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New Jersey Workers’ Compensation: Employee vs. Contractor

New Jersey Workers' Compensation Employee vs. ContractorNew Jersey Workers’ Compensation: Employee vs. Contractor

In a recent New Jersey Workers’ Compensation case, licensed horse owner and trainer Randolph Perry sued Robert Horowitz Stable for New Jersey Workers’ Compensation benefits, alleging that he was an employee of the stable due to the control that Horowitz had over his duties. However, the Appellate Division found that Perry was running his own business, with the absence of a W-2 or 1099, and rendered him an independent contractor, and therefore not eligible for New Jersey Workers’ Compensation benefits from the Robert Horowitz Stable.

Incidences such as this one raise the question; what determines an employee from an independent contractor? Under Workers’ Compensation Law in most states, most individuals who are providing services to a for-profit business will be deemed an employee of that business, and therefore must be covered by the employer for Workers’ Compensation insurance. The actual term “employee,” for Workers’ Compensation purposes, typically includes day labor, leased employees, borrowed employees, part-time employees and unpaid volunteers.

So what is an independent contractor? Unfortunately, there is no set definition of the term “independent contractor” that is widely accepted in all states. Due to this, if there is any question of what a person qualifies as, they must look to the interpretations of the courts and enforcement agencies in their state to decide if in a particular situation a worker is an employee or independent contractor. The most significant factor in determining one’s status as an independent contractor or employee is whether the employer they are serving has control or the right to control the worker both as to the work done and the manner and means in which the job is performed. Depending on the specific job or issue, the following are additional details to determine one’s status as an employee or independent contractor:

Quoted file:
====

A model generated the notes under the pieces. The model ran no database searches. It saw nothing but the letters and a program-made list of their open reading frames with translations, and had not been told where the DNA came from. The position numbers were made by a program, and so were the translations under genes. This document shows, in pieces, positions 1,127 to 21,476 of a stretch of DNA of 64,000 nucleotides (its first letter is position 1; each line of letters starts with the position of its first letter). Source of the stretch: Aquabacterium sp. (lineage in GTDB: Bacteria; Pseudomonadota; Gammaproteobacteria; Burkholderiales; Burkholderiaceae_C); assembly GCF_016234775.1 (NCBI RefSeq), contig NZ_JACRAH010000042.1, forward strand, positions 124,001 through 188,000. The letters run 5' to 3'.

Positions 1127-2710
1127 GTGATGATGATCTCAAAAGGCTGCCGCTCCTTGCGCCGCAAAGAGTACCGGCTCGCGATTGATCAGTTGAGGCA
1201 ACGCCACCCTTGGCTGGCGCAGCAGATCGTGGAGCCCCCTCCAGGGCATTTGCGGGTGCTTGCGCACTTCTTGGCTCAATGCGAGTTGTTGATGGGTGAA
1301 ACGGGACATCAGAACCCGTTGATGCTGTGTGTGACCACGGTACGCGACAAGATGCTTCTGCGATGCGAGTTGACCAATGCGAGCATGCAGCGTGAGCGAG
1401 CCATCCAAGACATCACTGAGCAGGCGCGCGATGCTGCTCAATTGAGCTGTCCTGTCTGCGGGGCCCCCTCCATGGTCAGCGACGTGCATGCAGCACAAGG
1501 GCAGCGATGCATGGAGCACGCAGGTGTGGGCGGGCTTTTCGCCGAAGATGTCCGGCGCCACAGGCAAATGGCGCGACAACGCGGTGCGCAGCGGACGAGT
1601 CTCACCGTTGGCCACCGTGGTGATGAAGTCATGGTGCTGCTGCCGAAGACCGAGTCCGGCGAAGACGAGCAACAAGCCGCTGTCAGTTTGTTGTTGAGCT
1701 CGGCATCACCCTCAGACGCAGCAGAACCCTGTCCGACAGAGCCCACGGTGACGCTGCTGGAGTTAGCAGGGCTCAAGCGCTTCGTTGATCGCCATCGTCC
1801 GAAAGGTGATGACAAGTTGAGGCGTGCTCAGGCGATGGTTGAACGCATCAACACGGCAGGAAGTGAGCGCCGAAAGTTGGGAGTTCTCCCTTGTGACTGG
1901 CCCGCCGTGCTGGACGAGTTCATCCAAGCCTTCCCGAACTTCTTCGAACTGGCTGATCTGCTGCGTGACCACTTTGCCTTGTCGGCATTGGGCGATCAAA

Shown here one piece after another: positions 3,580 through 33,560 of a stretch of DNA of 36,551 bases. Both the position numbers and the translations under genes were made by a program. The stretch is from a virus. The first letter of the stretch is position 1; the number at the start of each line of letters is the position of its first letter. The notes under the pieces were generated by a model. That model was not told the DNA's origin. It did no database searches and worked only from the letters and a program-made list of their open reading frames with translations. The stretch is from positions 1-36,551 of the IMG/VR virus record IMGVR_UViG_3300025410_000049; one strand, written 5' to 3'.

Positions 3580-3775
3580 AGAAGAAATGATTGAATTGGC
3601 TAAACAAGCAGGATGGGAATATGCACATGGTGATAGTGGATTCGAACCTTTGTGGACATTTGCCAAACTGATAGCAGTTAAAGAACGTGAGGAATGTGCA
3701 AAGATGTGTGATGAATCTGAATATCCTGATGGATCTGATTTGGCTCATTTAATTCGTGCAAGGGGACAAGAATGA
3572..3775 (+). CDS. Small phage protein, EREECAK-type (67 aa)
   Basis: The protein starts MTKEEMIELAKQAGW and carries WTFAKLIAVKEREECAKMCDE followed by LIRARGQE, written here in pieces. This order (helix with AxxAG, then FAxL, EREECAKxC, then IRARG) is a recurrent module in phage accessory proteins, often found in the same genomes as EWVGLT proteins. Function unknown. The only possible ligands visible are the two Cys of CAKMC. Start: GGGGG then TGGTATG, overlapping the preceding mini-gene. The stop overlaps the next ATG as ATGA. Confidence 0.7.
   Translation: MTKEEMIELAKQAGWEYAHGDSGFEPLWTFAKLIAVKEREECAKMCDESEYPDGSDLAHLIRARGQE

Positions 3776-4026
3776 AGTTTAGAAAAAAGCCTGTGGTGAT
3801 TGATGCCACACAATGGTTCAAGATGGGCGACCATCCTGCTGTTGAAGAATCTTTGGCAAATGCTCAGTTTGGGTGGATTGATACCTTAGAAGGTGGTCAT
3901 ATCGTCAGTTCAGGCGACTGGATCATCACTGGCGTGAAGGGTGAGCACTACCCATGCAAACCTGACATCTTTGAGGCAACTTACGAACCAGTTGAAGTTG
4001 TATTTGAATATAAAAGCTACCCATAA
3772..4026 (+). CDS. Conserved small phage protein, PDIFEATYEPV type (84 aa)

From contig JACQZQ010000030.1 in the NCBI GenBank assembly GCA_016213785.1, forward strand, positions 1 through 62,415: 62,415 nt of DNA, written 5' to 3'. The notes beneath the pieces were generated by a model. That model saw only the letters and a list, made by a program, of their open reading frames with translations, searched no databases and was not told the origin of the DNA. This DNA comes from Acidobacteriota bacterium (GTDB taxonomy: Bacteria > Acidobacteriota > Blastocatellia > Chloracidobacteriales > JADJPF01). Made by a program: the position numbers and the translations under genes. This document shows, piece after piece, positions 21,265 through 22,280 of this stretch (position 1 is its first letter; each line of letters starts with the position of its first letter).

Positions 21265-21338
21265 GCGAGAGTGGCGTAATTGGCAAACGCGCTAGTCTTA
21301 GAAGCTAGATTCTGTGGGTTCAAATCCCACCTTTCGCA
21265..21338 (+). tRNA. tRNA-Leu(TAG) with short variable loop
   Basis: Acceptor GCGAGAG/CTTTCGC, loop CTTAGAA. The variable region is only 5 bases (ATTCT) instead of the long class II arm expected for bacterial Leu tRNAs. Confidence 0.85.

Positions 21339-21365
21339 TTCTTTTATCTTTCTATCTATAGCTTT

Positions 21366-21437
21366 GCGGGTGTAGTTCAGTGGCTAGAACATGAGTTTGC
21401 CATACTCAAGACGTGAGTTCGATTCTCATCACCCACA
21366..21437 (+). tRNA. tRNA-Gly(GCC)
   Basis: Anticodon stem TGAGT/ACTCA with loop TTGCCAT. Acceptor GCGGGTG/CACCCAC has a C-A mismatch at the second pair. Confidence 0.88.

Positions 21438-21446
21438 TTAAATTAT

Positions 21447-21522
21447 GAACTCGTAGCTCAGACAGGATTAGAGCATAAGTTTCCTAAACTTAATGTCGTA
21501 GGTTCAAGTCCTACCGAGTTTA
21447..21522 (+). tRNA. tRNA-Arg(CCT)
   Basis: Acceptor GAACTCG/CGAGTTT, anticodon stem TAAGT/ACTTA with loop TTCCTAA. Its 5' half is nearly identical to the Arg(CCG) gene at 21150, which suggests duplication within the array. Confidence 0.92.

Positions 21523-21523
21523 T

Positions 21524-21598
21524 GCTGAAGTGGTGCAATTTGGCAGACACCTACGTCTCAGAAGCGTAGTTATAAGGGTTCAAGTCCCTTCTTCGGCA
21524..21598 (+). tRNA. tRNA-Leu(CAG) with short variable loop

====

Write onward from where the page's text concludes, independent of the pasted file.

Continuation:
• Whether the person performing the job is engaged in an occupation or business distinct from that of the employer.
  • Whether or not the work is part of the regular business of the principal or alleged employer.
  • Whether the worker’s investment in the equipment or materials required by his or her task or his or her employment of helpers.
  • Whether the service rendered requires a special skill.

These are just some of the factors that would help determine whether a worker is an employee or an independent contractor. At Associated Specialty Insurance Agency, Inc. (ASIA) we understand the unique New Jersey Workers’ Compensation needs of many targeted industries, including Artisan Contractors. Please contact us today for more information at (866) 679-7457.

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